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Possible disruption of pheromonal communication by humic acid in the goldfish, Carassius auratus
Hubbard, P.C.; Barata, E.N.; Canario, A.V.M. (2002). Possible disruption of pheromonal communication by humic acid in the goldfish, Carassius auratus. Aquat. Toxicol. 60(3-4): 169-183
In: Aquatic Toxicology. Elsevier Science: Tokyo; New York; London; Amsterdam. ISSN 0166-445X, more
Peer reviewed article  

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    Humic acids; Pheromones; Carassius auratus (Linnaeus, 1758) [WoRMS]; Fresh water

Authors  Top 
  • Hubbard, P.C.
  • Barata, E.N.
  • Canario, A.V.M.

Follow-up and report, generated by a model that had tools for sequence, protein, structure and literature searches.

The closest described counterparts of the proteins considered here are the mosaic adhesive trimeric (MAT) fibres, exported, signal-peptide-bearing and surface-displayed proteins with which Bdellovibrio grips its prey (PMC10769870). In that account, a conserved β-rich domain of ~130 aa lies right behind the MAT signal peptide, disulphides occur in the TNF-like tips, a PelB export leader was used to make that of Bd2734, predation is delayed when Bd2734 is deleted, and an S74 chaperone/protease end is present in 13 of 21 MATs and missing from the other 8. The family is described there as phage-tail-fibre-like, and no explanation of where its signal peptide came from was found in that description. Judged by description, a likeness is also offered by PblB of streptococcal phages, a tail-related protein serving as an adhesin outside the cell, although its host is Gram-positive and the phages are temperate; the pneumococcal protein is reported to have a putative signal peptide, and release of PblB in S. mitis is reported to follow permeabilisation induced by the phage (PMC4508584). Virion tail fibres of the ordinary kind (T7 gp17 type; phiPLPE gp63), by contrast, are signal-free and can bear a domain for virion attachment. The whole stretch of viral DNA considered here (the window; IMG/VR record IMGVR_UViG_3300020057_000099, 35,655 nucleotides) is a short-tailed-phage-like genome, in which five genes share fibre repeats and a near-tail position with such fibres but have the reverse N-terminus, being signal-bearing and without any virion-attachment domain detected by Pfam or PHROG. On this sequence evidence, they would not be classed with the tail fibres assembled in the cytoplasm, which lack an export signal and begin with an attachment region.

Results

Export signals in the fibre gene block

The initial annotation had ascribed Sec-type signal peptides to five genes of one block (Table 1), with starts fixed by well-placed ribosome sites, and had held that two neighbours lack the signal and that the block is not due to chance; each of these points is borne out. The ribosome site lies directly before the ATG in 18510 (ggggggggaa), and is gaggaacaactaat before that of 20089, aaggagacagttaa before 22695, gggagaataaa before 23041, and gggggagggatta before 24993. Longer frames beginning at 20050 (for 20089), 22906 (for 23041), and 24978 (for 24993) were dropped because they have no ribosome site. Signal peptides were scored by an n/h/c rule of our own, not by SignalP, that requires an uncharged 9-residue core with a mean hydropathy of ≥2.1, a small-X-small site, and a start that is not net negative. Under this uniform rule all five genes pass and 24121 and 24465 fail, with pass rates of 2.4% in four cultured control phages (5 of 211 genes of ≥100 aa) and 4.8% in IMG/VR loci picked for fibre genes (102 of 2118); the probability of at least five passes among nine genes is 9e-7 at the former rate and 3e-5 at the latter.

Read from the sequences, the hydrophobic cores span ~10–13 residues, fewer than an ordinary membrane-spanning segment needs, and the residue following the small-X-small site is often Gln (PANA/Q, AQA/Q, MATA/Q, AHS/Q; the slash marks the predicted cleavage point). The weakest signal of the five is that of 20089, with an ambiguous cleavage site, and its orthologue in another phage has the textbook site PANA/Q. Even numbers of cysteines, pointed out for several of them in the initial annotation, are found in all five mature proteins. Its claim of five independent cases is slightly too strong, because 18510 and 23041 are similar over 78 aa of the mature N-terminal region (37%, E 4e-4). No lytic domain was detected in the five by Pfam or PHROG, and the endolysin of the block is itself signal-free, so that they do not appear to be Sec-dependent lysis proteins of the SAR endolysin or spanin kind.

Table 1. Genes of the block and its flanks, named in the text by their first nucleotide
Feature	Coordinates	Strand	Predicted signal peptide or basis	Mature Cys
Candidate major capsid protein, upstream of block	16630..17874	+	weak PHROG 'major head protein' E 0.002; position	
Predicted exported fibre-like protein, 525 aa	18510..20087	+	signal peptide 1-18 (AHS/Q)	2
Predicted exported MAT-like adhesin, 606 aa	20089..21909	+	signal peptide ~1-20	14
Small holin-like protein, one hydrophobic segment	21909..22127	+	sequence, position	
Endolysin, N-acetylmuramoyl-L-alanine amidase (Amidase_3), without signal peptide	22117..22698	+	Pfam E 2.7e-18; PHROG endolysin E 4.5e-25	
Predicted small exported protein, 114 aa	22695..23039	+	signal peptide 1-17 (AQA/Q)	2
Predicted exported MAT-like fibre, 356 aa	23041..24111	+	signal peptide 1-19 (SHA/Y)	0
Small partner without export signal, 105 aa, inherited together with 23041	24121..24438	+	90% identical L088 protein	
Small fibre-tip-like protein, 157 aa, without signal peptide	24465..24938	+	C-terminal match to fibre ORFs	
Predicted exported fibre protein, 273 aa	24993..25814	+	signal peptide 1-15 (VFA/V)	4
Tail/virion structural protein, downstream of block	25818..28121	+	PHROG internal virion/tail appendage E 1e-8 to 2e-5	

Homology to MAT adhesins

Humic acids are large, complex, organic molecules which are ubiquitous components of aquatic environments as products of degradation of plant material. In aqueous solution they form microvesicles. As many teleost pheromones are steroidal in nature, we hypothesised that they would preferentially dissolve in the organic, hydrophobic core of these vesicles instead of in water and therefore be unavailable for detection. This would have obvious and profound effects on many aspects of fish biology. To test this hypothesis we recorded electro-olfactogram (EOG) response of the goldfish (Carassius auratus) olfactory epithelium to the pheromones 17alpha,20ß-dihydroxy-4-pregnen-3-one (17,20ß-P), its sulphated conjugate (17,20ß-P-SO4) and prostaglandin F2alpha (PGF2alpha), all at 10-11 to 10-8 M, in the absence and presence of humic acids (1-1000 mg l-1). At nearly all concentrations of humic acid tested, there was a significant attenuation of the amplitude of the initial (phasic) response to 17,20ß-P compared to 17,20ß-P alone. At higher concentrations of humic acid, the EOG response to 17,20ß-P was often completely obliterated, suggesting that the concentration of the pheromone available to the olfactory epithelium was below the threshold of detection. Exposure of the olfactory epithelium to humic acid did not cause any short-term loss of sensitivity to 17,20ß-P per se. Furthermore, simultaneous recording of electro-encephalograms from the olfactory bulb demonstrated that the nervous activity evoked by the same concentration of 17,20ß-P was less intense in the presence of humic acid than its absence. PGF2alpha is non-steroidal and much more soluble in water. In contrast to 17,20ß-P, only the higher concentrations of humic acid (100 and 1000 mgl1) significantly diminished the EOG amplitude. 17,20ß-P-SO4 is detected via a distinct olfactory mechanism to the free form. Given that the sulphate group increases the water solubility, we predicted that the effect of humic acid would be reduced. However, the effect of humic acid on EOG amplitude in response to 17,20ß-P-SO4 was similar to that of the free form. We suggest that the steroid portion of the molecule adsorbs onto the surface of the humic acid microvesicles and is still effectively unavailable for olfactory detection. In conclusion, humic acid may significantly reduce the concentration of 17,20ß-P and 17,20ß-P-SO4 available for detection by Carassius auratus in natural environments. Furthermore, as many teleost pheromones are steroid derivatives, this phenomenon may be applicable to chemical communication systems in teleosts in general.

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